• Think of photos you like looking at now from “the olden days” and grab those from today — buildings on campus, your cafeteria tray, headlines in a local newspaper, your car. The farther you get from your college days, the more meaningful these “scene setter” photos will become as your memories fade.

Step 5: Set aside time to put your online yearbook together. 

Count on this taking from one to three days, depending upon how personal you want to make the yearbook. The best yearbooks, regardless of how they are organized, will include:

• Full names and relevance of all the people in the photo. “This is Chelsea and me at the restaurant,” won’t mean much in a couple years. “Chelsea Smith and I eat breakfast at Café Brazil and study for our Econ 150 midterm in March 2016” gives all sorts of information you’ll be glad you have even five years from now. Writing these little stories — even if it’s just a sentence or two — takes more time than putting the photos on the page.

• Something other than photos of people. People are important, but you might like to remember waves of iris that bloom across the UT Dallas campus in spring, or the books balancing on your coffee table or the empty campus parking lot after wrapping up a study session.

• Everyday food. Maybe you discovered the best way to dress up ramen noodles for a cheap dinner or you have a no-fail Crock-Pot soup dinner you’ve eaten more than once this semester. Devote a page to your college cooking recipes. It seems unimportant now, but the recipes will be fondly remembered in the future.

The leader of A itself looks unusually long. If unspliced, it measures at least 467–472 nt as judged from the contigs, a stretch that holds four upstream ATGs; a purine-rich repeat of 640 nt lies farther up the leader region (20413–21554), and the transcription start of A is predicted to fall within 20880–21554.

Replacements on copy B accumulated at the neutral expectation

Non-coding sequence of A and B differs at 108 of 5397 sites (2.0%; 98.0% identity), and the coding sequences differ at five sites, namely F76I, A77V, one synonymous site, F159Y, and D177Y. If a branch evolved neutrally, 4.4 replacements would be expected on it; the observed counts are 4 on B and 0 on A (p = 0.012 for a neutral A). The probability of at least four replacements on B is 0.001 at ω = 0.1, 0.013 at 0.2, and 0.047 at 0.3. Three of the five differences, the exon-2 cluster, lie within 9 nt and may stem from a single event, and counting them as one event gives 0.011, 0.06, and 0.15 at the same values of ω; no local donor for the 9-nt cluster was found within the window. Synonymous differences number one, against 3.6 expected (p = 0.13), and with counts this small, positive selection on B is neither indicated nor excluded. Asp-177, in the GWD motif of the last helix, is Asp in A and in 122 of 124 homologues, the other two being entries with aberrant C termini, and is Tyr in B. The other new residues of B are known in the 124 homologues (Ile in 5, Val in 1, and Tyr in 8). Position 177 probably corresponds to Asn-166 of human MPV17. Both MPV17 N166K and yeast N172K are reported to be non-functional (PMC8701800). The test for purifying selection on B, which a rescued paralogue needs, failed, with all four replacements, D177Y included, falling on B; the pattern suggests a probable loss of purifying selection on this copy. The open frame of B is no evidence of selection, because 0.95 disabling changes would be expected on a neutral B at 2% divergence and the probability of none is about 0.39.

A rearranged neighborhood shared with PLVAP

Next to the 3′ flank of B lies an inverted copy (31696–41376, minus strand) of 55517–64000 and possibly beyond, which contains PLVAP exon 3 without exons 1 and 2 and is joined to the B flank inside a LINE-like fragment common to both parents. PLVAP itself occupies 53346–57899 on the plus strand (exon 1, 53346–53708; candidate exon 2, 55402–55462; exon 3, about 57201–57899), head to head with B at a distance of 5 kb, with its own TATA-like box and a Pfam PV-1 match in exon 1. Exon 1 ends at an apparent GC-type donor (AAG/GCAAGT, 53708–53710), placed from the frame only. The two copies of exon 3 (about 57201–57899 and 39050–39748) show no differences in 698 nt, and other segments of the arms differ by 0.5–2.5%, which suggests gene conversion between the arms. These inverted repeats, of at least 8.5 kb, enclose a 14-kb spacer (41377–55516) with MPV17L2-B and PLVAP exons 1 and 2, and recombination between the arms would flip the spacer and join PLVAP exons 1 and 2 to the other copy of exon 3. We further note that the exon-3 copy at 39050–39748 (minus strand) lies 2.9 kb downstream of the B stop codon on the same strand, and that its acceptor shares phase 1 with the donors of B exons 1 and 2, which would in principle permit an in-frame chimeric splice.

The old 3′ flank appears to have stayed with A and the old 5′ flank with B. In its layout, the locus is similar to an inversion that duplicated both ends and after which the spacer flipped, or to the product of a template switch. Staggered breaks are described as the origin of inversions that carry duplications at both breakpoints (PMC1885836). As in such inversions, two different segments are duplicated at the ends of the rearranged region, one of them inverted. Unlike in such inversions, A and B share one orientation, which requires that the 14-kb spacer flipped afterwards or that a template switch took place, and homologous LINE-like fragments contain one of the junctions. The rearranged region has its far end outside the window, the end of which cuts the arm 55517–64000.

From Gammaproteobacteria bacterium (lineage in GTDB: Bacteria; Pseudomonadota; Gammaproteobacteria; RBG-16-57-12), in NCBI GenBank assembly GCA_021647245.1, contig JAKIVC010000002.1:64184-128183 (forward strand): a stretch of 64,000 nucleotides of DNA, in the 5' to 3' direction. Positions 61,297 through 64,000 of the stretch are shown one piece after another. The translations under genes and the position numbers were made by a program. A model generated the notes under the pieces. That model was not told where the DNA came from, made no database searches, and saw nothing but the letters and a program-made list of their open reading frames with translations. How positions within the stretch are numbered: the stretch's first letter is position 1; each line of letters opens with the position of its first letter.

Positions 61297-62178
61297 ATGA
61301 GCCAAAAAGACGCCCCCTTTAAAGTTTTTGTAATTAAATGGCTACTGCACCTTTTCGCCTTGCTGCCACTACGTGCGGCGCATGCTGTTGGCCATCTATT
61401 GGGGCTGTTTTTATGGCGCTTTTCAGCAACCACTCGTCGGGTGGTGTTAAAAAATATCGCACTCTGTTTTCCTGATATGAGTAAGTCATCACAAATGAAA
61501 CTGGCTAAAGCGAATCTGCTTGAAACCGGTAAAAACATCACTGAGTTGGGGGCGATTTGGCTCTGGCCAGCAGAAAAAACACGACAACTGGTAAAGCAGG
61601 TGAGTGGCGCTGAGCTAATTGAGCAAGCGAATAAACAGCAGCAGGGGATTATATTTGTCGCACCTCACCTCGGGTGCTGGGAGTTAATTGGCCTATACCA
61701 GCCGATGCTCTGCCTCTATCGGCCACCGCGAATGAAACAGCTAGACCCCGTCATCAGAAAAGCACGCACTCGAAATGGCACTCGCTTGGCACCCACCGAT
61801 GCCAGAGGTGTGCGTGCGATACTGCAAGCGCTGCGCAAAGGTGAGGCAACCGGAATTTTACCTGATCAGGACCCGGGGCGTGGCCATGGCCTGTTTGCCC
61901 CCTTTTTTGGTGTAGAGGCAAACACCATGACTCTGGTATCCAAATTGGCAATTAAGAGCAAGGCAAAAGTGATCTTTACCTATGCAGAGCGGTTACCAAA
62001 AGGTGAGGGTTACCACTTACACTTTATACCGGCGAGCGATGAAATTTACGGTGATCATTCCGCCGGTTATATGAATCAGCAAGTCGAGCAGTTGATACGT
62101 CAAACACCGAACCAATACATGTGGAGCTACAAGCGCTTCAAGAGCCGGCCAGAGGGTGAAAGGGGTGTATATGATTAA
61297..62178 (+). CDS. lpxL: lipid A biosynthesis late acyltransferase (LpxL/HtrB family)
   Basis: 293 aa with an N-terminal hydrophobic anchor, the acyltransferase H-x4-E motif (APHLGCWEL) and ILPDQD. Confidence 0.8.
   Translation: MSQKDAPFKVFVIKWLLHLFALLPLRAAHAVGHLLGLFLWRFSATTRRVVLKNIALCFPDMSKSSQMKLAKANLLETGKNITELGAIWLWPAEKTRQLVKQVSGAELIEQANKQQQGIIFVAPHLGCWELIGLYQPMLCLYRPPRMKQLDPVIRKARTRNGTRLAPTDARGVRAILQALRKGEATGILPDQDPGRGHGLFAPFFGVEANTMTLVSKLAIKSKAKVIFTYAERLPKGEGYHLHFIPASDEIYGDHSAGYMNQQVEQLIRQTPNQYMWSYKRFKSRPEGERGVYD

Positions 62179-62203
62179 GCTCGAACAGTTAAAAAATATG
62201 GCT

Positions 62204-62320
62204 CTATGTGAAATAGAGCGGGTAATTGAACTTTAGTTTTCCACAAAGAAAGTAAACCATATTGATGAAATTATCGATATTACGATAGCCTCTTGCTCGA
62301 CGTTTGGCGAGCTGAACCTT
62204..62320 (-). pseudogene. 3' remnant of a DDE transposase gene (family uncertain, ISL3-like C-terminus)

• Good quality photos. Each photo you put in your yearbook “costs” something — make sure the photos you use are the very best quality you can get.

• A variety of photos. Consider the two pages that face each other as one big page and then vary the size and content of the photos. One big photo with seven small ones will be more interesting than eight photos all the same size — except when you want all eight photos the same size for a reason (photos of your fraternity brothers, for example).

• Text that’s been edited! Maybe even let your roommate read all the text before you order to ensure you don’t have any mistakes. Once you hit the order button, there’s no going back.

Step 6: Order your first try. 

Each time you put an online photo book together, you’ll get better at using the software. And you’ll learn how you like your books to look. Don’t make the newbie mistake of creating three books, ordering them all at once, and then getting them delivered only to find out you really don’t like that heavy periwinkle border around every single photo. And absolutely start with a small life event until you get the hang of this. Save the yearbook about your national championship competition until you’ve had experience putting photo yearbooks together.

Jeanne Spreier

Jeanne is a writer and editor who has worked in JSOM's External Affairs for more than seven years. She is also mother of three college-age kids who were born and raised in Dallas, and gets a lot of her Dallas know-how from them. On any given day, she would rather be outside somewhere. She earned her communications degree from the University of Kentucky. Read more articles